Marley lived with The Wailers Band in 1977 at 42 Oakley Street in Chelsea, west London, while completing the record, which features hits including Jamming, Three Little Birds, and One Love.
Unveiling the plaque on Tuesday, British Rastafarian poet Benjamin Zephaniah told the BBC: “It’s very difficult to say what Bob Marley would have said about this plaque, but he did once say, ‘Live for yourself, you will live in vain, live for others, and you will live again’, so I’m quite sure he would say that this is for his people and his music.”
The plaque’s official unveiling marked the start of Britain’s black history month, and is part of a push to recognise more ethnic minority figures with the honour, which has previously been used to mark homes fellow musicians John Lennon, Freddie Mercury, and Mozart used.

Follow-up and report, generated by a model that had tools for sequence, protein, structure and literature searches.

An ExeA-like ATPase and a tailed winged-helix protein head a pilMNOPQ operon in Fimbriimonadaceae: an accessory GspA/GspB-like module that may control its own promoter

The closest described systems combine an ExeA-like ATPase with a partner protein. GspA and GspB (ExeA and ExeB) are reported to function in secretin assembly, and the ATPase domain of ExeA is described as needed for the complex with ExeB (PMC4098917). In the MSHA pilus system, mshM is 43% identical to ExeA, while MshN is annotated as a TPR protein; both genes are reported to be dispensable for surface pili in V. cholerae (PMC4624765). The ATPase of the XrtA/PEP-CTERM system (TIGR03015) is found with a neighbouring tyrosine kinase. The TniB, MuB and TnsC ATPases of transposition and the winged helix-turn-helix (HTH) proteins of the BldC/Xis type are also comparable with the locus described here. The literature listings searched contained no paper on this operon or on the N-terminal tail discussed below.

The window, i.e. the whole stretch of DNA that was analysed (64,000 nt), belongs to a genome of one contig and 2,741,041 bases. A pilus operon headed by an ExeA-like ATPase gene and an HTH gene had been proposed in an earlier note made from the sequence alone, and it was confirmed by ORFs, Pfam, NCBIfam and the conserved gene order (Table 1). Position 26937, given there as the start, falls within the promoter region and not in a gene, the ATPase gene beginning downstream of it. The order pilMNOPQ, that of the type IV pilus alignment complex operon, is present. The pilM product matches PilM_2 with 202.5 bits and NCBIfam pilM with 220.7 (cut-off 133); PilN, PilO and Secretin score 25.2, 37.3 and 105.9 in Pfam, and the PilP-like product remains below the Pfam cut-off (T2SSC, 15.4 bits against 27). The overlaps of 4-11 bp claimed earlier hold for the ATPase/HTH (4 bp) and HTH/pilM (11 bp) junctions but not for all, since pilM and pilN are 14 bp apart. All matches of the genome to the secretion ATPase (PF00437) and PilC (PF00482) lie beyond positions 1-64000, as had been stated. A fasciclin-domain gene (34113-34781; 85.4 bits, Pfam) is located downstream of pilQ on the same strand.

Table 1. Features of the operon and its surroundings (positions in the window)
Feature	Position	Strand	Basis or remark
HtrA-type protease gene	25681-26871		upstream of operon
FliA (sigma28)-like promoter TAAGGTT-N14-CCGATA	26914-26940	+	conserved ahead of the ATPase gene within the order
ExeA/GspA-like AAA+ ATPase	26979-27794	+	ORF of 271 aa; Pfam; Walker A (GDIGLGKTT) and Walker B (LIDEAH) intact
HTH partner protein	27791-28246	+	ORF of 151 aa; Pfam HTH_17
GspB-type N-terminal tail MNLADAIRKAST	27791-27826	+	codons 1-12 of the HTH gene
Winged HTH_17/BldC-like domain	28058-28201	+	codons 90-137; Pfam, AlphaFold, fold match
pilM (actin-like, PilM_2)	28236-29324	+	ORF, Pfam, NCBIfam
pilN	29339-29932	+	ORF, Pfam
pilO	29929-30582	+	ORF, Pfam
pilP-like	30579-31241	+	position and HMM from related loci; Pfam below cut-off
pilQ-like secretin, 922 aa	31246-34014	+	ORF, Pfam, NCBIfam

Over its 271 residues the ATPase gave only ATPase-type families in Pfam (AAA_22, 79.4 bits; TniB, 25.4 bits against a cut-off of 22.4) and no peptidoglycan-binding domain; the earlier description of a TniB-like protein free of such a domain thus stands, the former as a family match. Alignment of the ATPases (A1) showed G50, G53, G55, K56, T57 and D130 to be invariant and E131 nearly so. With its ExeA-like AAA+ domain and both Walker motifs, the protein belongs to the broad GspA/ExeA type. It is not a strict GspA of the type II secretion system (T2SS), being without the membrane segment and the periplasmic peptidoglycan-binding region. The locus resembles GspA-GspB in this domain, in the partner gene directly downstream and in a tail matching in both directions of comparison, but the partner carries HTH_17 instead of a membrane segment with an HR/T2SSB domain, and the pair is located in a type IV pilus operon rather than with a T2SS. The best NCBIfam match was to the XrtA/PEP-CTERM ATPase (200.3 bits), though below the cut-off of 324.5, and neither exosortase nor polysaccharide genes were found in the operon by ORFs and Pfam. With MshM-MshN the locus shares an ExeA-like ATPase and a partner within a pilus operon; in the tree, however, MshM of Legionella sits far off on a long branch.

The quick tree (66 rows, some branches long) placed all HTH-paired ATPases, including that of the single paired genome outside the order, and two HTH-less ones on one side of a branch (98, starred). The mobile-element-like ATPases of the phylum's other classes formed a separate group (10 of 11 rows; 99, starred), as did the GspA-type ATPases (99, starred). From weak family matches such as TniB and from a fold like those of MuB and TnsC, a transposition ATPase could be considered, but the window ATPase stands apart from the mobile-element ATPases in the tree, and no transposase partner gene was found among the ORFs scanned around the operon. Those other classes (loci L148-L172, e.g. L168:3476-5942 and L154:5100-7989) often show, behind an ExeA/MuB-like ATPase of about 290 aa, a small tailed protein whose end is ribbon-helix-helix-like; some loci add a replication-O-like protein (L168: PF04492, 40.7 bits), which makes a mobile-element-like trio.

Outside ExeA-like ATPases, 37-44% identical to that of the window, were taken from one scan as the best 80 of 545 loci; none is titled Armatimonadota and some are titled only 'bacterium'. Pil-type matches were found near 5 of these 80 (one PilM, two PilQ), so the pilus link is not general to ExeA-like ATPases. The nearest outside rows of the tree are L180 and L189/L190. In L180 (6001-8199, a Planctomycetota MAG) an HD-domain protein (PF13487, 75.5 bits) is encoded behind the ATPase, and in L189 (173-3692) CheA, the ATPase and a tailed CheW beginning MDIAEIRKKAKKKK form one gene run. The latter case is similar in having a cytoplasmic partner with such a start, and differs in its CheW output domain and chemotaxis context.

Marley’s recognition had been held up because he was not registered at the address and gave a different place of residence to police officers during an arrest for cannabis possession in 1977 to prevent a search of the premises.
However, English Heritage officials confirmed the house was the band and Marley’s base from contemporary reports.